I write this after the 5.9 magnitude earthquake that hit central Virginia about an hour ago. I’m recalling the exact personal circumstances of the event, since all I’m hearing in the news is a bunch of people saying simply “I felt shaking”.

I’ve been working at home all day, as usual, sitting at my desk. I was reading through some code for a project I’m working on, when I started to ask myself why I couldn’t seem to focus on the text on the screen. I sat back a bit and looked at my monitors as a whole. They were shaking. The top one, which is wall-mounted, was swinging back and forth slightly on its arm. I looked over to the planter for the hops, where I have four long bamboo poles for the vines to climb on. All four of them were swaying like they were in a heavy wind.

I remember thinking that this was kind of strange. Having an irrational fear of death from WMD’s, I started down a mental checklist of what to do to stay sane and find out what was going on. I assured myself that I didn’t hear any explosions, then went into the family room to find the kids.

I found Abby and Nana in the family room, and told them to come to me (“Hey guys, come here.”), under the load-bearing doorway in the center of our house, away from windows and light fixtures. Abby came over, and I stood her closest to the wall. Nana wasn’t responding. “Where’s Riley?” I asked calmly.

The two of them stuttered at me, not sure where he was exactly or why I was asking. I don’t think they knew there was an earthquake going on. The plates in the kitchen cabinets were still rattling. “Come here!” I said, more strongly. I couldn’t understand why Nana wasn’t movng. She stayed sitting on the couch, oblivious. “Nana, come here!” I yelled, finally realizing she thought I was talking to the kids.

Riley finally showed up from upstairs, and I put him next to me and Abby. Nana finally came over too, and we waited.

As we stood, Abby and I felt the floor of the house moving under our feet. It’s a hard sensation to describe. It’s like standing on Jell-o, but you can tell the whole house is moving at once. The paintings on the wall were shaking, the plates in the cabinets were rattling, and I could feel it - the moving, and a sense of unease, almost vertigo. I think I’m particularly sensitive to inertial motion, so this was really eerie.

I looked over at the cats in their cat tree near the window, who were sitting with their heads perked up, but completely still and looking inward toward the house, rather than outside, like they usually do.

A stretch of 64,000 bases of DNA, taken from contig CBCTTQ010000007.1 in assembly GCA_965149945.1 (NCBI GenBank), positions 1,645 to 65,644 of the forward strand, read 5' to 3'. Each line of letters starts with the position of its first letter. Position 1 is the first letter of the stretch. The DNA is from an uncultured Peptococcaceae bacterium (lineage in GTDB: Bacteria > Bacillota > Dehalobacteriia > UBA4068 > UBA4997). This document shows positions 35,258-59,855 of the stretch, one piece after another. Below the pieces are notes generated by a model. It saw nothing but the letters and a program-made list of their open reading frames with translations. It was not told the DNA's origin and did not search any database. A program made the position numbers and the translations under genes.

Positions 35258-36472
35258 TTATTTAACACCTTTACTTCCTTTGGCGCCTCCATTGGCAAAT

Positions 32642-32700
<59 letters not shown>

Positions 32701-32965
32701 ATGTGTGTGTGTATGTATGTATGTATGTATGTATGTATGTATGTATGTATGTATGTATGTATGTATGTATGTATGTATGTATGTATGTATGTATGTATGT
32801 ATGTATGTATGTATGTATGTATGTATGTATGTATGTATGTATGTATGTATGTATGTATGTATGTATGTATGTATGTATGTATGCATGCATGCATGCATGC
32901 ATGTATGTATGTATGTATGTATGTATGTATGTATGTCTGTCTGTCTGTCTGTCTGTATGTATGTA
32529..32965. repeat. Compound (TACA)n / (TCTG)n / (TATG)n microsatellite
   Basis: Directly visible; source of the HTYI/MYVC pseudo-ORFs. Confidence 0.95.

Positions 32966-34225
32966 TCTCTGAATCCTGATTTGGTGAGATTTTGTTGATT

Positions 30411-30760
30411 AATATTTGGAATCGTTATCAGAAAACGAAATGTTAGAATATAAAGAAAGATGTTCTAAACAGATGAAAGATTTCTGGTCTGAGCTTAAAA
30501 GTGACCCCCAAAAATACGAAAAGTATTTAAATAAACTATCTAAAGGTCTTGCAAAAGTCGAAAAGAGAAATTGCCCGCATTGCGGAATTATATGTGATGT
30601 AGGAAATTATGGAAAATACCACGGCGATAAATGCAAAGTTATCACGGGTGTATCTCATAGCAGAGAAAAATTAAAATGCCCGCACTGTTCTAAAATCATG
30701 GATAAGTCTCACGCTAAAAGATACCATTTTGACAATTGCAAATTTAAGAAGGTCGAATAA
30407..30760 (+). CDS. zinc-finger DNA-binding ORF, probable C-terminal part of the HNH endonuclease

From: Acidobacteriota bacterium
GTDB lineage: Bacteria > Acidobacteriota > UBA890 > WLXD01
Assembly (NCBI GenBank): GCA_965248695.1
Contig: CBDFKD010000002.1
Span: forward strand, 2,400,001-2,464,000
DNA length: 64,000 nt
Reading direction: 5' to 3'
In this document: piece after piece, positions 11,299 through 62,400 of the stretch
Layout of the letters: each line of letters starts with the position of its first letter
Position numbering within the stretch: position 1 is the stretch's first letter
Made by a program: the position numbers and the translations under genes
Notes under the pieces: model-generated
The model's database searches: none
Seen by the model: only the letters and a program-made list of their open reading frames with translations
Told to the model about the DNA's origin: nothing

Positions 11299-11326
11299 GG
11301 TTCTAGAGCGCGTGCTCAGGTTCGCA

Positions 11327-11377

Abby started to realize what was going on, and get a little nervous. Riley became scared, shaking a little bit. At this point, we still didn’t really know what was going on. I mean, earthquakes don’t happen here. It had all of the signs of an earthquake as I had read in the past, but we had no confirmation. As soon as we couldn’t feel motion anymore, I went to get that confirmation.

The first thing I did was post “Earthquake?” to Twitter, then did a quick reload. Others in my Twitter stream seemed to confirm our suspicions. Then we turned on CNN, to see if there was any news or emergency instructions.

All of this seems kind of overkill at this point, but really, what if there was less of an effect here than there was up the road at the Limerick nuclear power plant? We live in the evacuation zone, after all. And today I learned that Limerick was ranked as the nuclear plant third most at risk of damage form earthquakes so it’s really no joke. They took the plant offline in response to the event, hopefully to find nothing wrong in their inspection.

I called Berta’s cell phone several times right after the quake, but she didn’t answer. She texted me soon after and said that she couldn’t call out. It is disconcerting that our cell infrastructure is so fragile. If there was a real emergency, it seems clear that we could not count on the cell network to work as we expect it to day-to-day.

The kids have since calmed down, and I was able to reassure Riley by showing him about earthquakes on the internet. Abby found solace by discussing the event with her friend via Facetime. Nana was generally unfazed. And now we just sit around waiting for the aftershocks (there was already at least one 2.8 quake with the same origin, although it wasn’t as obvious as the 5.9) to subside. Totally freaky event, though.

Next up, Hurricane Irene? Ugh.